The Fourth of July is the time for Americans to celebrate the country's rich history and honor the patriots who help make the United States what it is today. From tales of valor to accounts of historical events, this day is more than beer and grilling.
Being an American citizen comes with responsibility. For immigrants wanting to call America their own and gain citizenship, people are required to pass a naturalization test. But could you pass the test that quizzes you on history, government, language, reading and speech?
Give the test below a try and see if you know as much about America as a newly named American citizen.
For more information on what it takes to become a U.S. citizen, visit the U.S. Citizens and Immigration Services website.
Take the civics test
1. Name one U.S. territory
2. What stops one branch of government from becoming too powerful?
3. What are two Cabinet-level positions?
4. Under our Constitution, some powers belong to the federal government. What is one power of the federal government?
5. Under our Constitution, some powers belong to the states. What is one power of the states?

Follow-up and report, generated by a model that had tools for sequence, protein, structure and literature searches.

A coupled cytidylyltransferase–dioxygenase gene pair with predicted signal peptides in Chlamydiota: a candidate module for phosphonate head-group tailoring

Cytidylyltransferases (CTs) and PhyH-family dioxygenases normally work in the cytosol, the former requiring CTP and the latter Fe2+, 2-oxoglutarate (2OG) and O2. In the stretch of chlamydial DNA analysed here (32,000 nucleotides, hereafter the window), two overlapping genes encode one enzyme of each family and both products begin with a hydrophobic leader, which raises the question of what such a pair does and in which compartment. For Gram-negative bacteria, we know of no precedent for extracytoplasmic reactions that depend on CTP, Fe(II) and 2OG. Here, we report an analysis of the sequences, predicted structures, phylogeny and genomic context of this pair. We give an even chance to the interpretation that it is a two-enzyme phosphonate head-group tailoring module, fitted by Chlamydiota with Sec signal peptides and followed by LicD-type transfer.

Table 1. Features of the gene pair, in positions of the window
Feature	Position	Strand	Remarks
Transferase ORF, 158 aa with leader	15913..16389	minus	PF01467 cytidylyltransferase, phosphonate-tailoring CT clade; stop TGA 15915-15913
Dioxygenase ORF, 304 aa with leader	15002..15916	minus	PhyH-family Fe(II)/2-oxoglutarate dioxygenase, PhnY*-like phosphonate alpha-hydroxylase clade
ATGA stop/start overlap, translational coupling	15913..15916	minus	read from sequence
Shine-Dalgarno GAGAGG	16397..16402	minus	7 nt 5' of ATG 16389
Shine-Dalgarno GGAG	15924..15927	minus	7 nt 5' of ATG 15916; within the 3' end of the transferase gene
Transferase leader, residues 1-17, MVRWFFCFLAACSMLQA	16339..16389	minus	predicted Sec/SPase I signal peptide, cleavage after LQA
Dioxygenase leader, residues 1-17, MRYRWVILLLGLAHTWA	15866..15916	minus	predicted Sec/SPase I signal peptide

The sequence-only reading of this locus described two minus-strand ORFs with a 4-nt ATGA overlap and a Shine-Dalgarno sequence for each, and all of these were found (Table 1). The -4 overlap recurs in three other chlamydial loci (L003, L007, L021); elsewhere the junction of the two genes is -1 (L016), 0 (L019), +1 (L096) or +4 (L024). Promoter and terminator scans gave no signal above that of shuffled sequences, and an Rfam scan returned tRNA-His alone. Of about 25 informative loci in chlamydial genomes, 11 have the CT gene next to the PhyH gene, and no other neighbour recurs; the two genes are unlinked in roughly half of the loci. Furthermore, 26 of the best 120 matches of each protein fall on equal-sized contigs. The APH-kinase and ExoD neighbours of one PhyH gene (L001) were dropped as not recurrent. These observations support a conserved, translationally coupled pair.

6. Name one of the two longest rivers in the United States.
7. Who was President during World War I?
8. Who was President during the Great Depression and World War II?
9. Who did the United States fight in World War II?
10. Before he was President, Eisenhower was a general. What war was he in?
11. What is the highest court in the United States?
12. How many justices are on the Supreme Court?
13. Who is the Chief Justice of the United States now?
1. Puerto Rico, U.S. Virgin Islands, American Samoa, Northern Mariana Islands and Guam
2. Checks and balances and separation of powers
3. Secretary of Agriculture, Secretary of Commerce, Secretary of Defense, Secretary of Education, Secretary of Energy, Secretary of Health and Human Services, Secretary of Homeland Security, Secretary of Housing and Urban Development, Secretary of the Interior, Secretary of Labor, Secretary of State, Secretary of Transportation, Secretary of the Treasury, Secretary of Veterans Affairs, Attorney General and Vice President
4. Print money, declare war, create an army and make treaties
5. Schooling and education, protection (police), safety (fire departments), driver's license and zoning and land use
6. Missouri River and Mississippi River
7. Woodrow Wilson
8. Franklin Roosevelt
9. Japan, Germany and Italy
10. World War II
11. The Supreme Court
13. John Roberts